Here’s a simple guide for loose leaf tea preparation:
Green, White, and Green Oolong should not be prepared with boiling water as this will cook the leaves and ruin the flavor (tea will become bitter). To prepare green, white and green oolong with a thermometer heat the water until shrimp or fish eyes begin to appear at the bottom of your kettle. Or boil the water and let it cool for 2-3 minutes.
Posted on January 26, 2011 by iceniteallco
According to a 5,000-year-old Chinese legend, emperor Shen Nung was traveling the Chinese countryside. Wanting a drink of water which was foul and undrinkable, Emperor Shen Nung ordered the water to be boiled. Suddenly a vigorous wind blew a tea leaf into his cup of hot water. The emperor left the leaf steep and then drank the brew. Tea was born. White tea became revered during China’s Song Dynasty (960-1279) as well as being the beverage of choice for the Chinese royal court and was given as a tribute to the emperor. White tea leaves and buds were ground into a silvery powder.
The name “white tea” originates from the fine silvery-white hairs on the unopened buds of the tea plant, which gives the plant a whitish appearance. The beverage itself is not white or colorless but pale yellow. White tea is primarily grown in China, Taiwan, India, Northern Thailand and Eastern Nepal, Kenya has produced some fine tasting white tea. White tea shares many of the same chemical properties and health benefits as black, green, oolong and pu-erh tea. Of the five tea categories – white tea contains the most antioxidants. White tea has come a long way in its long history. Until recently white tea was largely unknown outside China and Asia. Now, with a renewed interest in fine tea and remarkable discoveries about its health benefits, white tea is being discovered and enjoyed around the world.
White tea comes from the 2 buds and leaves of the Camellia Sinensis (tea) plant. The leaves and buds are plucked and then allowed to wither in natural sunlight before they are lightly processed to prevent oxidation. There is no picking on rainy days or when frost is on the ground. White tea can only be picked for a short time each year, making it rare and precious. However, some white tea is minimally oxidized – raising the question as to whether or not it is a white tea.
Fresh tea leaf → Withering → Drying (air drying, solar drying or
mechanical drying) → White tea.
Early spring provides the best white tea. When the time is right, the workers carefully hand-pick the silver buds and select leaves. This may account for its powerful health benefits. Climate, altitude, and soil must be just right.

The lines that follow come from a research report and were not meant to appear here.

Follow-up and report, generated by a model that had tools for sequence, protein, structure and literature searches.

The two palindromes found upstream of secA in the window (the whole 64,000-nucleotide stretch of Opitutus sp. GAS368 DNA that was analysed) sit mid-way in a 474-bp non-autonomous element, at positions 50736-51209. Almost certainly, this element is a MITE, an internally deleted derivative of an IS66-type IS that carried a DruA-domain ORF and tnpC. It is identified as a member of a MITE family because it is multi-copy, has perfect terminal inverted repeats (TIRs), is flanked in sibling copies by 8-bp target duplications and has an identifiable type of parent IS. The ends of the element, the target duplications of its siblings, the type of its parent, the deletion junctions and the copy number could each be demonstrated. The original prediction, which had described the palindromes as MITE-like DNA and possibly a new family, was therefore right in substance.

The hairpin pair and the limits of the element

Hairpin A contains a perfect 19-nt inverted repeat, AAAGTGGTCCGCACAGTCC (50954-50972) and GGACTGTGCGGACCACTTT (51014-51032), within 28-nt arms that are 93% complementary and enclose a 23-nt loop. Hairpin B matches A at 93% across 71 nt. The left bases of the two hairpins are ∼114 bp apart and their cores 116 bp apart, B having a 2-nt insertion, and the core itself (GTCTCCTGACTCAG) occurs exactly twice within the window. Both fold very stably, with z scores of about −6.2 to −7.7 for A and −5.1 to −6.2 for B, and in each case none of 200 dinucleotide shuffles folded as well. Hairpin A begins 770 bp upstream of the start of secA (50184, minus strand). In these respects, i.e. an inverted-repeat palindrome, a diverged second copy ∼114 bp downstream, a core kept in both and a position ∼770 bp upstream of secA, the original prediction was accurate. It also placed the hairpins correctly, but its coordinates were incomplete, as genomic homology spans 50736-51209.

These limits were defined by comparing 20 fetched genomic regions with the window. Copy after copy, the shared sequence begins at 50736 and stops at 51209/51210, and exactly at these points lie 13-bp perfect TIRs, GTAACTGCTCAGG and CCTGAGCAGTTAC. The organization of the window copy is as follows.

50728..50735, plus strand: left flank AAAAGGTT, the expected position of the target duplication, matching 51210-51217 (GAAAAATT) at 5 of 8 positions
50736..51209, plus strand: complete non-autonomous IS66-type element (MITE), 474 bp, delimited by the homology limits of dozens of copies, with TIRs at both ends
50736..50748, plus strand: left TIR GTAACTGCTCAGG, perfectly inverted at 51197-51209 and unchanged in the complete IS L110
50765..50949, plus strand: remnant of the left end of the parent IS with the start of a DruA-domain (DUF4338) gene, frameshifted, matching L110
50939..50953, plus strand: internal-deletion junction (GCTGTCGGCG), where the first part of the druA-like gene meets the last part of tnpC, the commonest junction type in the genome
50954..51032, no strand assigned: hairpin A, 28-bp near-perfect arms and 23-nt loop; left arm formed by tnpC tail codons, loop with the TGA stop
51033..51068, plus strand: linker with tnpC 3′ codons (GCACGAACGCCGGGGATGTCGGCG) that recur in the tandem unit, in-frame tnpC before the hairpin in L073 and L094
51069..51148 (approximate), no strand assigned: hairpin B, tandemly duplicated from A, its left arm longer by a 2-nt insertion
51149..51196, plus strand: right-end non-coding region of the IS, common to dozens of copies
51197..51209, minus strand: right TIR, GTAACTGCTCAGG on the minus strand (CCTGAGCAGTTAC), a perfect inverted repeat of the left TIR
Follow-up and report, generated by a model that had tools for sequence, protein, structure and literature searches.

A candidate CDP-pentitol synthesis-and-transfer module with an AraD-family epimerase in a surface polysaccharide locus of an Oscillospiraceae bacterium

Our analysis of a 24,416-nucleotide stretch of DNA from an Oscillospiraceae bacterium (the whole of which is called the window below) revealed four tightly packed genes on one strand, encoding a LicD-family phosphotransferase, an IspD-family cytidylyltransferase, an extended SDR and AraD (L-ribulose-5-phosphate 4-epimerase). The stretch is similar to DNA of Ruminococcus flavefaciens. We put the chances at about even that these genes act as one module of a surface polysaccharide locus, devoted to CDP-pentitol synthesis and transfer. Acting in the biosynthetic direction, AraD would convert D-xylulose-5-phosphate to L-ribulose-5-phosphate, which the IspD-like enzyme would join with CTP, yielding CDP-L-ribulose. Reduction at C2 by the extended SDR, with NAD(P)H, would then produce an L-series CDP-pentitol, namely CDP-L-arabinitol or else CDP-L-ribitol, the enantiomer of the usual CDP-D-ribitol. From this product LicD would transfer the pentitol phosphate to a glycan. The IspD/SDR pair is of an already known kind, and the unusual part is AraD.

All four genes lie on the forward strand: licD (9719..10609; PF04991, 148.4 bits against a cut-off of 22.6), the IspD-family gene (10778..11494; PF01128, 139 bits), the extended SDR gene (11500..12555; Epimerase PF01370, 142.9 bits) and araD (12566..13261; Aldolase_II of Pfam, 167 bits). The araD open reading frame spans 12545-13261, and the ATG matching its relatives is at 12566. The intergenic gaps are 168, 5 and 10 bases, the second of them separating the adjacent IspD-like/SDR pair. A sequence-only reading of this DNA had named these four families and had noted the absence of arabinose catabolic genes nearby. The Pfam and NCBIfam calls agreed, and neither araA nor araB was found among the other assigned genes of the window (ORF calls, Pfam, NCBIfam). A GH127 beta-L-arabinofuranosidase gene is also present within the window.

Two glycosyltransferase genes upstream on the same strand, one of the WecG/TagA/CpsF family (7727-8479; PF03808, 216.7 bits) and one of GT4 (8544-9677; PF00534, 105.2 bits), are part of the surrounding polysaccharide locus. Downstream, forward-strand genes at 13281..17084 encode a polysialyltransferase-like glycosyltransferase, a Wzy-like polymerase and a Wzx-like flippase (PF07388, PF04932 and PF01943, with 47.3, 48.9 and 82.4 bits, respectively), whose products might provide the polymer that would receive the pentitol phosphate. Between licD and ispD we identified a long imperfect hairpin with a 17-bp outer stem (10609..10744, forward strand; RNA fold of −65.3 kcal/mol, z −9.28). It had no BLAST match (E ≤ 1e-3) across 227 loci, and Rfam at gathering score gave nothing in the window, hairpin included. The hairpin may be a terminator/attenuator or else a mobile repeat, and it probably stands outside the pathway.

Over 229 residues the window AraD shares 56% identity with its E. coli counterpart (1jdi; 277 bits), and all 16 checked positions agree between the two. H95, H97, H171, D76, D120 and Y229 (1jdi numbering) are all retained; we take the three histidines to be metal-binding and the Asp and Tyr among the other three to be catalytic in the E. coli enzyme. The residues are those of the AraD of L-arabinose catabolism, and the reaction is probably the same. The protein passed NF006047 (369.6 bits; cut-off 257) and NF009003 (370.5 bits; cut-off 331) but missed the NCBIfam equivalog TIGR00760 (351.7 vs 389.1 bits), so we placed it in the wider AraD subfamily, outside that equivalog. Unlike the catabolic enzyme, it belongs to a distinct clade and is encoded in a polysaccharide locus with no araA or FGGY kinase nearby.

All this work, just so we can enjoy a cup of white tea!
Pictured is our White Spice.
Original publish date was 12/03/2013.
In my former corporate life, I remember sitting in my office for a half an hour listening to a self – professed intellectual elite (University of Michigan grad) going on about how I should purchase a small car and Fair Trade products. Help get rid of 3rd world poverty, build new hospitals and houses, and educate the children!
The concept sounds appealing. You pay a little more to help other countries build schools, hospitals, etc. But have you ever followed the money trail of Fair Trade supporters and what they stand for? Or what their mission statements are? You’ll be amazed to find out that there is no guarantee that the extra money you spend will go to new hospitals, schools or for that matter increase the farmer’s wage. Do you know where your money is going, or what it is supporting when you purchase Fair Trade Tea or Fair Trade products?
From Wikipedia: “What Proportion of The Money Reaches The Farmers?”
“There is no evidence that Fair-trade farmers get higher prices on average. Anecdotes state that farmers were paid more, or less, by traders than by Fair-trade cooperatives. Few of these anecdotes address the problems of price reporting in Third World markets, and few address the complexity of the different price packages (which may or may not include credit, harvesting labour, spray application, transport and processing for instance). Cooperatives typically average prices over the year, so they pay less than traders at some times, more at others. Bassett (2009) is able to compare prices accurately where Fair-trade and non-Fair-trade farmers have to sell cotton to the same monopsonistic ginneries. Fair-trade encouraged Nicaraguan farmers to switch to organic coffee, which resulted in a higher price per pound, but a lower net income because of higher costs and lower yields”.
From the Fair Trade Federation website: